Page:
Here’s an excerpt from a novel I’m working on. It’s called Bent Bad. I hope you enjoy it.
The young boy with dark blue eyes, almost black, was playing in the kitchen when the phone rang. His mother answered while his baby sister played in the playpen. He watched as his mother’s face contorted in a strange way, but he couldn’t discern her emotional state. All facial expressions were the same to him. She dropped the phone. It bounced sharply against the floor and came to rest like a rubber doll, the cord a useless umbilical. She rushed to the living room to turn on the TV. Soon she heard the words, “President Kennedy is dead.” The boy watched her go limp and fall to the floor. He went to her with a look of curiosity and stood over her.
“Mom, wake up,” he said. “Wake up.”
His sister, still too young to talk, sensed her mother’s heartache and began screaming. The boy went over to the playpen and shouted at her to shut up. She stopped screaming and whimpered instead.
When his mother didn’t wake the boy went to the dining room and dragged a chair behind him. It made a skidding, irritating noise on the linoleum. He pulled the chair up to the sink and filled a cup with water. He spilled much of it as he maneuvered off the chair and returned to the living room, nearly falling in the process. He carried the water to his prostrate mother. He knelt down and poured the water into her half-open mouth. She choked and then revived. Momentarily disoriented she looked up at her son, sat up, and held him to her. He stood stiffly as she hugged him. Remembering the tragedy she broke down in tears, hugging her rigid son until he pulled away. The woman’s daughter screamed in the playpen. She went over and picked her up and soothed her. The little girl quieted down but she still sensed her mother’s pain.
Three days later, as her little daughter napped, the young boy’s mother was sobbing. Her body heaved, wracked with grief so searing it appeared she might throw up. She wrung her hands like a magician as she plopped grief-stricken on a chair in the living room. She stared listlessly at the grainy images on the black-and-white TV screen. Tears formed tiny pools in her lower eyelids, holding there for a moment in seeming defiance of gravity before spilling down her cheeks. Her body slumped as though she’d died sitting there; her arms drooped like large noodles and resting in her lap. She held tissues in her fists and dabbed at her eyes. The unimaginable had happened. The unthinkable made real.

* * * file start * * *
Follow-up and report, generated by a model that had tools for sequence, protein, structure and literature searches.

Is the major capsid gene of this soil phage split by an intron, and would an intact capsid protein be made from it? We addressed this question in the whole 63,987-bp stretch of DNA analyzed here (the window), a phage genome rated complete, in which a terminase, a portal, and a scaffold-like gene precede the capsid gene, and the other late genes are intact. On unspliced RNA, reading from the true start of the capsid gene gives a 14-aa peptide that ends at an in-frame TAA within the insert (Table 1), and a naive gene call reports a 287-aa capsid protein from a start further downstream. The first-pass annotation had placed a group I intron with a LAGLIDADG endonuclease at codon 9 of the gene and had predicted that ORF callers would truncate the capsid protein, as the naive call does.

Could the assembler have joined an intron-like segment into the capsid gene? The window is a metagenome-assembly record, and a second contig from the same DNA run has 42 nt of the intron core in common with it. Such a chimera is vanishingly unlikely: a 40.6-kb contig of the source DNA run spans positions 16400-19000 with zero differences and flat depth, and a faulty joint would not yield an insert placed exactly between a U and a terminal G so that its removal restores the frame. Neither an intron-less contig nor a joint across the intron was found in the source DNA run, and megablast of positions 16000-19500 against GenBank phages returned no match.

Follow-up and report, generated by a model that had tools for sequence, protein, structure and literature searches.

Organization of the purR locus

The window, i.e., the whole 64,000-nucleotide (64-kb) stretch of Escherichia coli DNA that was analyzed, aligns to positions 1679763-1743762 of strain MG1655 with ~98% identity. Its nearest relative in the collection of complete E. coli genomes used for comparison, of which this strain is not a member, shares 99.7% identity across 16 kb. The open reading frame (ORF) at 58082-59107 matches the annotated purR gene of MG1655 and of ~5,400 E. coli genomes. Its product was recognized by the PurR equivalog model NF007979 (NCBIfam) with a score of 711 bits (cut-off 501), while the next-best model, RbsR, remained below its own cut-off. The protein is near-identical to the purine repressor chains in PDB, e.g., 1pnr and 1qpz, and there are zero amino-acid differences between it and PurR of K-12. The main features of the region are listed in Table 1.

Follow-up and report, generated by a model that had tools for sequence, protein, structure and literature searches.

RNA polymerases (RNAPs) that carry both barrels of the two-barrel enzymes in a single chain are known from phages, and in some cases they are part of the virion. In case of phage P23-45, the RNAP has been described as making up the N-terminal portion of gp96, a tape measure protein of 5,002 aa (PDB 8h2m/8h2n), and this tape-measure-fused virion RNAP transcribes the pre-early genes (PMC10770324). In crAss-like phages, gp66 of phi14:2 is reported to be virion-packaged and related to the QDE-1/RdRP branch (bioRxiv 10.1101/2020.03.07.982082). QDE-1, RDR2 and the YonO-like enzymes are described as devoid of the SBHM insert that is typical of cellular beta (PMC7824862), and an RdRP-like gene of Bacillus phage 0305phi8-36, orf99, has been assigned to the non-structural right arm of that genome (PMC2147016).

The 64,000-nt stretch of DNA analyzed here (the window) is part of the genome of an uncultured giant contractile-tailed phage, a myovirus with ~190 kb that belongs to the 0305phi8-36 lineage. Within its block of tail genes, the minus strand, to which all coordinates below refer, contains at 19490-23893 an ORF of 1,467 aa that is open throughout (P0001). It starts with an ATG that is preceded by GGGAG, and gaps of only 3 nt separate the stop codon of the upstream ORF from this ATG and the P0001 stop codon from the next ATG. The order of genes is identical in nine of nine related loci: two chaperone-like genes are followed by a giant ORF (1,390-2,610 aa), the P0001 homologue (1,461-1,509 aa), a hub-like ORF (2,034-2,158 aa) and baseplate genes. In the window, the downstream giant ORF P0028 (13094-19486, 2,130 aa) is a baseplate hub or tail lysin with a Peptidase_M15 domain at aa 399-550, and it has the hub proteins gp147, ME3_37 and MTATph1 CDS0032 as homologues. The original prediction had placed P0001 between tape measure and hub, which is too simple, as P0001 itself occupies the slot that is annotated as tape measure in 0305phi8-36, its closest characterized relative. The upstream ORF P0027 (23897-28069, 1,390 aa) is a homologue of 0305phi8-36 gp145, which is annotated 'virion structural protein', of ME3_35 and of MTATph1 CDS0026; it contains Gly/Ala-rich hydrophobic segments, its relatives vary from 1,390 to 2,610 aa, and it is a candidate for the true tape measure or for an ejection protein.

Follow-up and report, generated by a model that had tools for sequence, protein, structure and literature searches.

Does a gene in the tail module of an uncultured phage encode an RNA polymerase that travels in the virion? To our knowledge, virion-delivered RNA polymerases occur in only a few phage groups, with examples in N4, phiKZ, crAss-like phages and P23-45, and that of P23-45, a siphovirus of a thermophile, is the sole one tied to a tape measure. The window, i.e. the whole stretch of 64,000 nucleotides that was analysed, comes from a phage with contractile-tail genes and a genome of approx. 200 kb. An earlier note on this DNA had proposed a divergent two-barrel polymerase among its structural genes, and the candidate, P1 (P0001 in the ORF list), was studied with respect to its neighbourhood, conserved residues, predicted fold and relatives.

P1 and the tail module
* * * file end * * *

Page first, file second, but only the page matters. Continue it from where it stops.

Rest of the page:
Moving toward the living room slowly from the spotless kitchen, the boy pulled his Radio Flyer wagon behind him to investigate the unfamiliar sound of his mother weeping. The wagon held a single toy, The Tin Man from The Wizard of Oz. It was his favorite. In the center of the Tin Man’s chest was a heart-shaped button. When he pressed it, it made a whining sound. He moved toward his mother as he would a distant relative, someone vaguely familiar but not to be trusted. He stopped before reaching her. She was sniffling as she watched the screen. She held up several tissues and dabbed her eyes. He turned and looked at the TV and saw a flag-draped coffin on a big wagon with wooden wheels and pulled by a team of white horses. Soldiers walked on either side of the wagon. The camera panned the crowd. Everyone was dressed in black. Women wore black veils covering their faces. He heard drumming, a steady cadence. The boy sensed that someone important had died.
Now, as he watched his mother cry again as the clip-clop of the horses pulled the wagon and the coffin, he walked up to his mom and pressed the button on The Tin Man. It made a cat-like, wailing sound. When she didn’t take note of this, he pressed it again and again until she looked down and caressed his face. He pulled away from her. He didn’t like to be touched. He’d rather be beaten than touched. The boy, then four, retreated to a corner of the room and played in the half-light between shadow and sun. He pulled the red wagon around and around in a small counter-clockwise circle, an unconscious mimicry of the horse-drawn carriage on TV. He figured his mother needed to be alone with her sorrow, and he didn’t like to be near her when she cried. The Tin Man toy lay on its stomach. He liked it that way—protected from harm and looking inward. The boy was that way too. He had to keep distance from everything and everyone near him. It was his way. It was the way he moved through the world.